This is typically the least expensive way to purchase life-insurance coverage. Term policies often cover a fixed number of years, such as 10 or 20 years. Your annual premium will be based on factors such as your health history, age and gender. Many term policies offer level premium payments for the life of the policy.
If you die before the end of the term, your beneficiaries receive a death benefit. At the end of the term, you may have the option of renewing the policy at a higher premium, reflecting your more advanced age, or converting it to a permanent policy without evidence of insurability. What if you let the policy lapse? The coverage is over—and you get nothing back.
Sometimes also known as cash-value life insurance, these policies provide permanent insurance, rather than insurance for a fixed number of years. They can also allow you to build up cash value, which you can then use during your lifetime or bequeath to your beneficiaries. If you use the cash value during your lifetime, your death benefit will be reduced.
Cash-value policies, which involve higher premiums than term insurance, come in three varieties. Whole-life insurance has fixed premiums and the ability to have your cash value build. Meanwhile, universal-life insurance offers the flexibility to vary the amount of your annual premium and the ability to withdraw cash from the policy. Finally, with variable-life insurance, you can invest the cash value of a variable universal life insurance policy in a variety of investment options.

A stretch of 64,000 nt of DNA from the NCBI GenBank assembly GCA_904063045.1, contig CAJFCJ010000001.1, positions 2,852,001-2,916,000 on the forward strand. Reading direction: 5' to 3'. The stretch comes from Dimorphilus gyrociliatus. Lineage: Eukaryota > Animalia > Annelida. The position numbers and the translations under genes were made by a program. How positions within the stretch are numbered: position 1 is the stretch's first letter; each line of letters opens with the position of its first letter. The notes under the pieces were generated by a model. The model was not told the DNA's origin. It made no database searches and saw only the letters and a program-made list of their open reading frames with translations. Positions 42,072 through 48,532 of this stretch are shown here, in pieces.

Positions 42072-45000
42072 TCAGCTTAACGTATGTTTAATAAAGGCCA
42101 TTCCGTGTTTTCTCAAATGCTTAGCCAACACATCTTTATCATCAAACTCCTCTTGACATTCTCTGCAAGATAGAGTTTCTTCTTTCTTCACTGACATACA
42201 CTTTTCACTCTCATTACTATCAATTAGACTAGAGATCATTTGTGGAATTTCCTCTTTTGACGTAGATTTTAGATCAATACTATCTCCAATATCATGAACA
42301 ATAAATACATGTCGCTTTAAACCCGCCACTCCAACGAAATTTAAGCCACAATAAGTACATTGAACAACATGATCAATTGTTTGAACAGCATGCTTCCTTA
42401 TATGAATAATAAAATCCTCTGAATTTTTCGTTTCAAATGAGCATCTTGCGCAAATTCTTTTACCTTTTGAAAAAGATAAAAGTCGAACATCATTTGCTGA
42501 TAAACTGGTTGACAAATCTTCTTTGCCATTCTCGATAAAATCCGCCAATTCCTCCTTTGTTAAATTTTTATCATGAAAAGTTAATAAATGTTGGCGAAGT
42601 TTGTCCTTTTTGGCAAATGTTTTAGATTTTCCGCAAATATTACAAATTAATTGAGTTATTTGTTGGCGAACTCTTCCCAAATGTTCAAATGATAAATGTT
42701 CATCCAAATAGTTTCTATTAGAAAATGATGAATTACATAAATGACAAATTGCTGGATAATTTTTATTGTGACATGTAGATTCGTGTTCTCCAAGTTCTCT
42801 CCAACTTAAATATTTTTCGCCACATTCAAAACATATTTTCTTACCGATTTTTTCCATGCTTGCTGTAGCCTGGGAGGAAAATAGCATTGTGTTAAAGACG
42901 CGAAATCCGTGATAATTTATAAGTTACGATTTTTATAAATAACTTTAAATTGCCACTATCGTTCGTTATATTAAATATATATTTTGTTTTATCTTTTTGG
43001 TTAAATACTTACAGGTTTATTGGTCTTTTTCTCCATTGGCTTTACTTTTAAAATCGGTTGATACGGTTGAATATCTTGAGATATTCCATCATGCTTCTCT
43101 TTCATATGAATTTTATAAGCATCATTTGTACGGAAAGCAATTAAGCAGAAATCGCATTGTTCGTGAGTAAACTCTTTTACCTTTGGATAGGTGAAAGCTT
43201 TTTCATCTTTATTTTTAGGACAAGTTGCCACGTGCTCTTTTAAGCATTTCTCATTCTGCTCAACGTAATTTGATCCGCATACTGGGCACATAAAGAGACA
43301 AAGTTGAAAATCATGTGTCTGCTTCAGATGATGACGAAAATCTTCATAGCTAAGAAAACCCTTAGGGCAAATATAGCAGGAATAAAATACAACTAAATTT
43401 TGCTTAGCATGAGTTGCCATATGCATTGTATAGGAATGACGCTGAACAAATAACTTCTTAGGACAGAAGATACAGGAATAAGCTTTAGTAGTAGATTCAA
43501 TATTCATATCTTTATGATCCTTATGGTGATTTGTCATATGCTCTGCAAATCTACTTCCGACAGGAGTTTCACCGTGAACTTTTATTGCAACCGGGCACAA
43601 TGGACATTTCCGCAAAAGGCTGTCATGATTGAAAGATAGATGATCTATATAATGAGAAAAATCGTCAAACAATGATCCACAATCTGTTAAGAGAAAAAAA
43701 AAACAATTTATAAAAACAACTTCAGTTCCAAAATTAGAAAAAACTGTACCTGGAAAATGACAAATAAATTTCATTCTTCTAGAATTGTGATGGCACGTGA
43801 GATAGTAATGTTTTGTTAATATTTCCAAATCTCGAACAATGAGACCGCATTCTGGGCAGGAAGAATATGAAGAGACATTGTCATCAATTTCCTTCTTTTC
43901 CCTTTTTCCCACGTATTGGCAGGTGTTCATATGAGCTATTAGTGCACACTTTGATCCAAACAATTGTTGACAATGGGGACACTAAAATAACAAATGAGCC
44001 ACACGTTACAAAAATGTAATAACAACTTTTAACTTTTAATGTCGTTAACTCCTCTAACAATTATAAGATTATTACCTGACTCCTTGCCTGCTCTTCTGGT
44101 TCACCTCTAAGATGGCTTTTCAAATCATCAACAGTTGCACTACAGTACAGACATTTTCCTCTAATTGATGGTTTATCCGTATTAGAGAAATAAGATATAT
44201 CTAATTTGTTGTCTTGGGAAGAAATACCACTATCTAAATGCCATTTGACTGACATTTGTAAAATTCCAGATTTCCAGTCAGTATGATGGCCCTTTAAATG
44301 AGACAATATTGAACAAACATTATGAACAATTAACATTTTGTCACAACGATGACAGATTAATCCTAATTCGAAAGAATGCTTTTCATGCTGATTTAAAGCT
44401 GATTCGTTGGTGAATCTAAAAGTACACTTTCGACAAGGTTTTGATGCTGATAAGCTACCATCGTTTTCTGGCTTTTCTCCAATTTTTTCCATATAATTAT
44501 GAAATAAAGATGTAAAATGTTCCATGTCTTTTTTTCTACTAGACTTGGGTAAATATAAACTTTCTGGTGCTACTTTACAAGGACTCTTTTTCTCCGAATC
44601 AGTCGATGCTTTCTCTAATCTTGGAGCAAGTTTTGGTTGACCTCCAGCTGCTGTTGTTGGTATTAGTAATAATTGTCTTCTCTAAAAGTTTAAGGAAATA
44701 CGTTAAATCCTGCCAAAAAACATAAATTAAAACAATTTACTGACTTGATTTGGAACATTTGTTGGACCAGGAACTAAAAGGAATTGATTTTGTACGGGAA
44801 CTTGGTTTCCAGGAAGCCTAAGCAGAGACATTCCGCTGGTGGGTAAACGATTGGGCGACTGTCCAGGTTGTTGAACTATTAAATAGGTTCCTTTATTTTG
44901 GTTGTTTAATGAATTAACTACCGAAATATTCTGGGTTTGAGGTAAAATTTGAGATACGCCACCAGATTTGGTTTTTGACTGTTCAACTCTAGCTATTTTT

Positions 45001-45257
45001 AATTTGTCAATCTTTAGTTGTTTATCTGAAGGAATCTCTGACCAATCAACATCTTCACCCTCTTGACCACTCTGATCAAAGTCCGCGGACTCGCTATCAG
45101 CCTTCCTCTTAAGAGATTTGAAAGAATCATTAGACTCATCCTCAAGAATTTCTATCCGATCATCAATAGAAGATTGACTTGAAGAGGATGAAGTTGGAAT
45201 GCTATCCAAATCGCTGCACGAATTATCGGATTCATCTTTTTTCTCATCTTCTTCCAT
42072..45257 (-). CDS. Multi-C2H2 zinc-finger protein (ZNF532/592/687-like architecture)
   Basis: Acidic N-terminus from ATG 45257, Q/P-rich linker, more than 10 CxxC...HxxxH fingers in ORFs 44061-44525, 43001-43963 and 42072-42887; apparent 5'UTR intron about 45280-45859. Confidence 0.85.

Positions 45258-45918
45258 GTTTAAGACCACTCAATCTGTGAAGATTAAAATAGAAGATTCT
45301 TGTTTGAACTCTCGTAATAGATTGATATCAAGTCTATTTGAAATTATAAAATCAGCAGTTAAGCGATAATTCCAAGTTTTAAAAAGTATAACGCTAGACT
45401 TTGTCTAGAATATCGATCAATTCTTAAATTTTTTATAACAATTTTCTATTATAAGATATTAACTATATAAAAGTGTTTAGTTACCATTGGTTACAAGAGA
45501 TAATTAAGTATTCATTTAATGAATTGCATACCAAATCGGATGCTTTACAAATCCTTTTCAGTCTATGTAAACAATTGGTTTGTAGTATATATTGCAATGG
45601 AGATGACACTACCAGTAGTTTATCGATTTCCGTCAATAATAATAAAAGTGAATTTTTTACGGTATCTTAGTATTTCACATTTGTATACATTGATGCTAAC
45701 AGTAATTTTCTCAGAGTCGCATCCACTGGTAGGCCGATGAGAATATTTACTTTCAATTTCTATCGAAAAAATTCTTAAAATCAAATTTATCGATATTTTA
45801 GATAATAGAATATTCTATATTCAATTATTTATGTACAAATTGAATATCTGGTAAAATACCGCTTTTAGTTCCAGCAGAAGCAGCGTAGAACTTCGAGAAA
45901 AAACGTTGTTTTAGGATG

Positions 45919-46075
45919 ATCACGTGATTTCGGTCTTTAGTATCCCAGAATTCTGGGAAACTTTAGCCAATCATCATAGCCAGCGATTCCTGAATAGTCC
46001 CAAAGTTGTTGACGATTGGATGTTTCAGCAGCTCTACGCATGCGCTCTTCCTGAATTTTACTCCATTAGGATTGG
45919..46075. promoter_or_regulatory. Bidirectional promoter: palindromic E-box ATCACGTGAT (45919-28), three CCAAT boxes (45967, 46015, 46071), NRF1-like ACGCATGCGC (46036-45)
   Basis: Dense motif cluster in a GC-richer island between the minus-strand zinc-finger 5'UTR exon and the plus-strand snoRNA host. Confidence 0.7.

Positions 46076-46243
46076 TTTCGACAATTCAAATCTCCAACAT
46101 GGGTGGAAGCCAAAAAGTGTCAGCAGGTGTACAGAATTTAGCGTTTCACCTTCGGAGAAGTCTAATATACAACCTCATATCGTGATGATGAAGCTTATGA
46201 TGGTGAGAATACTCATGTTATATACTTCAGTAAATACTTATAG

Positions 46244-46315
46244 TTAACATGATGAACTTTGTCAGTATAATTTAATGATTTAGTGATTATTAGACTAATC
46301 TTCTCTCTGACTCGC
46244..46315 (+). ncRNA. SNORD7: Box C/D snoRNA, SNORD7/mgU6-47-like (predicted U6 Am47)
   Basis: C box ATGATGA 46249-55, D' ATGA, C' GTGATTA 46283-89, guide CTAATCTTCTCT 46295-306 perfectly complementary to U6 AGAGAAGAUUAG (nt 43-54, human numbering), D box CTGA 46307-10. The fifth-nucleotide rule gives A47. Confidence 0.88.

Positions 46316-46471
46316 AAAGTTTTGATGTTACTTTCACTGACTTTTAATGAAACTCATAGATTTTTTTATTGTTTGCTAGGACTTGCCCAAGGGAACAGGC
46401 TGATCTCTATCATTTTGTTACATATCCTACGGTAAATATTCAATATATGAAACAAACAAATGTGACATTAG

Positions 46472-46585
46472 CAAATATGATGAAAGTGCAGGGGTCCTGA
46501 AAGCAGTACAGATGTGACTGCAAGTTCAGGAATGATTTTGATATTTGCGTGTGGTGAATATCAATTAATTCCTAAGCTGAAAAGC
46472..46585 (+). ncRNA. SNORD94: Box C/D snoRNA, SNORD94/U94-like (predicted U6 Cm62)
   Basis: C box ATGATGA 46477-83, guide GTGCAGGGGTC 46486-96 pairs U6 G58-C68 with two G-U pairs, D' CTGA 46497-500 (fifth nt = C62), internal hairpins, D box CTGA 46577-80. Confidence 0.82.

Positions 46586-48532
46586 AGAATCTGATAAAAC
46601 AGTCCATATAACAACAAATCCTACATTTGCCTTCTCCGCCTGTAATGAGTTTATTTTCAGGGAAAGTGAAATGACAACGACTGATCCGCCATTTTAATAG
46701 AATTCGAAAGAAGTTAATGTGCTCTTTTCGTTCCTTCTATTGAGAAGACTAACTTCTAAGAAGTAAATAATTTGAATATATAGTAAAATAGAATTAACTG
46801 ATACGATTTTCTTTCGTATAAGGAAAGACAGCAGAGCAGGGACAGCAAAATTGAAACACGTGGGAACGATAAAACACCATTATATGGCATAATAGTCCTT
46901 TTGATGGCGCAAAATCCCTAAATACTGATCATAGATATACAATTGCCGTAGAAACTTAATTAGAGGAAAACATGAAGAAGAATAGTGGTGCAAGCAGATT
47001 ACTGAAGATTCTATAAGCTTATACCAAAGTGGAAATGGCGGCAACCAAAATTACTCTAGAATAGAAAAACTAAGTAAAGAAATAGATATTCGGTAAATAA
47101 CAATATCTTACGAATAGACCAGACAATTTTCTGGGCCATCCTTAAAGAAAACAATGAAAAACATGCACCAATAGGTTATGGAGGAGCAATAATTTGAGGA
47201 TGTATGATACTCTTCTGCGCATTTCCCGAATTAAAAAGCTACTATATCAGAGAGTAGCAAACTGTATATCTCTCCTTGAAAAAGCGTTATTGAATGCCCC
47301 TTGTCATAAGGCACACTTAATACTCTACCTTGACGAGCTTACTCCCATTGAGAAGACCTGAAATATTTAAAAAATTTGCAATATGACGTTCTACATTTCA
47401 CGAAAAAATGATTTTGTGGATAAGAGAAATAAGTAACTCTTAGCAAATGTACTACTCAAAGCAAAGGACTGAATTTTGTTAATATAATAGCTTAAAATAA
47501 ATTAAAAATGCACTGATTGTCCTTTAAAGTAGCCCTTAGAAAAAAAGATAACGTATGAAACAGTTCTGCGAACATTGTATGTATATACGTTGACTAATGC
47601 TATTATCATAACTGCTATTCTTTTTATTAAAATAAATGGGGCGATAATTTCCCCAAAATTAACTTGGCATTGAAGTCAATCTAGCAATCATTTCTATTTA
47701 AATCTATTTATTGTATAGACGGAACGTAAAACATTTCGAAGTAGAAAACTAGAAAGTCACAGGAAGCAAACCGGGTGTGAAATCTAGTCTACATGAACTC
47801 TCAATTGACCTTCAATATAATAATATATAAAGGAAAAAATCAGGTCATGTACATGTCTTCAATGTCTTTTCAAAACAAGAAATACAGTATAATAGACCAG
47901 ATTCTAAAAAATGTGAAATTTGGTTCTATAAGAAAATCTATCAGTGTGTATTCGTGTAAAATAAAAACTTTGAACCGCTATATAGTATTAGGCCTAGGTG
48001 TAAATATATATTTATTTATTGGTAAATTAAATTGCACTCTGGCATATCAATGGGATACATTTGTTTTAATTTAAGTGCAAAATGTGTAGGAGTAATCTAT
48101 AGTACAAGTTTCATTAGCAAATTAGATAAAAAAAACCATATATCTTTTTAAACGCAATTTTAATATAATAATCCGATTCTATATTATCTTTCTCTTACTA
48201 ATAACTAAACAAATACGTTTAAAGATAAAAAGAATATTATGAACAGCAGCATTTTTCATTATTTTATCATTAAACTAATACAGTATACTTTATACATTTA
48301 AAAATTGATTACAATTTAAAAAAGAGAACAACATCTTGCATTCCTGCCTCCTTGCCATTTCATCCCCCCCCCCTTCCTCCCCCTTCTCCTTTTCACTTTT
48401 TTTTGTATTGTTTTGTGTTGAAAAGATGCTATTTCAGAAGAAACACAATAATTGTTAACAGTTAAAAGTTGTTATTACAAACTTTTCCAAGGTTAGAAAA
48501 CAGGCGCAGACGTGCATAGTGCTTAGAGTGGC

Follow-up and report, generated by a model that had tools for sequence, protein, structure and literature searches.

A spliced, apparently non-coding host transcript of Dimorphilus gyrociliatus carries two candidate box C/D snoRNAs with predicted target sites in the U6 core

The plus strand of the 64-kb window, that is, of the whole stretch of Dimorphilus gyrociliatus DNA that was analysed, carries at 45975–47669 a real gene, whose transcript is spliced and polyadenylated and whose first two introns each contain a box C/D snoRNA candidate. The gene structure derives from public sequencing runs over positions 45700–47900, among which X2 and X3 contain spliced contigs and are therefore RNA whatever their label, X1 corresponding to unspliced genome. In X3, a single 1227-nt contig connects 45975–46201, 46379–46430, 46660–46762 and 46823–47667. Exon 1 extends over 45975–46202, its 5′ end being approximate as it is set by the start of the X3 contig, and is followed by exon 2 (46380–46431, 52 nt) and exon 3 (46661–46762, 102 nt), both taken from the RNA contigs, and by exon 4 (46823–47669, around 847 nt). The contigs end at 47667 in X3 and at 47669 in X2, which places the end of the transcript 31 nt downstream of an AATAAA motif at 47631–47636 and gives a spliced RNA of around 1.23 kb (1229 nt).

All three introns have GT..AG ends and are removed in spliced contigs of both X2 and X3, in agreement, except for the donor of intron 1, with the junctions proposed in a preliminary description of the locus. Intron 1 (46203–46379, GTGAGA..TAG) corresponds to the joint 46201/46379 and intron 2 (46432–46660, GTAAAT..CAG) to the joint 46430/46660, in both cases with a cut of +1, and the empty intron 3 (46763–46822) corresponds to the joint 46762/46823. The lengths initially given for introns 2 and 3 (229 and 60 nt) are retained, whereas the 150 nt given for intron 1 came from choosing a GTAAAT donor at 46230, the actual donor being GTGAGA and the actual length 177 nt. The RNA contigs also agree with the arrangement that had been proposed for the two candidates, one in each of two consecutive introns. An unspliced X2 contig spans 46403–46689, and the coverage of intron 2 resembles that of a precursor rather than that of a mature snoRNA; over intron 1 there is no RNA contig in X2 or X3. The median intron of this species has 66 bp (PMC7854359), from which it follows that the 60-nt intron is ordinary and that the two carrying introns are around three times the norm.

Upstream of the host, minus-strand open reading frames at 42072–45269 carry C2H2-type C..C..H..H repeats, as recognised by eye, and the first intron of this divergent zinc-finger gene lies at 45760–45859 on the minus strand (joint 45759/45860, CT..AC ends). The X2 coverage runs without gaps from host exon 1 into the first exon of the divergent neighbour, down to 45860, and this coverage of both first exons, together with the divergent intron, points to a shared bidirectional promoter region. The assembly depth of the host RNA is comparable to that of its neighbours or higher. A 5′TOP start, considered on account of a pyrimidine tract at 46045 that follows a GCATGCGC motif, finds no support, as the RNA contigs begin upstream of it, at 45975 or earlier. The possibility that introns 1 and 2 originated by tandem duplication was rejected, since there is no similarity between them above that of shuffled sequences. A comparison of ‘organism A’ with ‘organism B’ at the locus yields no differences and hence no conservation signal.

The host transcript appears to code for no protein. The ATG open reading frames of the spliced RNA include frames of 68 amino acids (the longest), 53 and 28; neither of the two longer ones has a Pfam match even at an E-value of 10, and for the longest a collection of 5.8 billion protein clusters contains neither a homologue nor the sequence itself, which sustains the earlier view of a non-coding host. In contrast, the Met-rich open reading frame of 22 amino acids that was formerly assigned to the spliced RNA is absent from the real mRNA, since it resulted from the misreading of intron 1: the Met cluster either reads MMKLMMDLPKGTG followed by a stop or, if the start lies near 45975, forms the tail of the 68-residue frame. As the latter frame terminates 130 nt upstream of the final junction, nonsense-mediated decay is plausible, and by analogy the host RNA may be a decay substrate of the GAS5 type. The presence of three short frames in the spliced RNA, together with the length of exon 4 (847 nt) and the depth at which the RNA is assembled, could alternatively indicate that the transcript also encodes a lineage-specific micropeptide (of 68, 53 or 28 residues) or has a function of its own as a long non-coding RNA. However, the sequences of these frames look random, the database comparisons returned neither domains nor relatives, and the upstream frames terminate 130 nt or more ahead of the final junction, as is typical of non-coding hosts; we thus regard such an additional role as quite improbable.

However with both universal and variable universal life insurance, if the cash value is not sufficient to cover the cost of the insurance, the policy will lapse.
If you are still in the work force, your most valuable asset may be your human capital—your ability to pull in a paycheck. What if an accident or illness makes working impossible? To protect yourself, you may want to purchase disability insurance. One rule of thumb suggests buying enough coverage to replace 50% to 70% of your current salary. In fact, you may have a tough time buying insurance that will pay much more than 70%. A policy's premium will be driven by how much income you're looking to protect, how long you want the benefit to last, your age, sex and occupation.
Long-Term Care Insurance
This is a type of health insurance that can help pay medical and other expenses if you have a chronic illness or disability.
Long-term care can be provided at home, in an assisted-living facility or in a nursing home. Long-term care premiums can seem expensive, but your Financial Advisor may be able to help you lower the cost by, say, opting for a longer "elimination period," which is the waiting period before benefits kick in. You can choose an elimination period of 30, 60 or 90 days or even longer, depending on how long you think you can afford to pay health-care costs yourself. You might also ask your advisor about other options, such as a single-premium life-insurance policy that gives you tax-free access to the policy's death benefit to pay long-term care costs.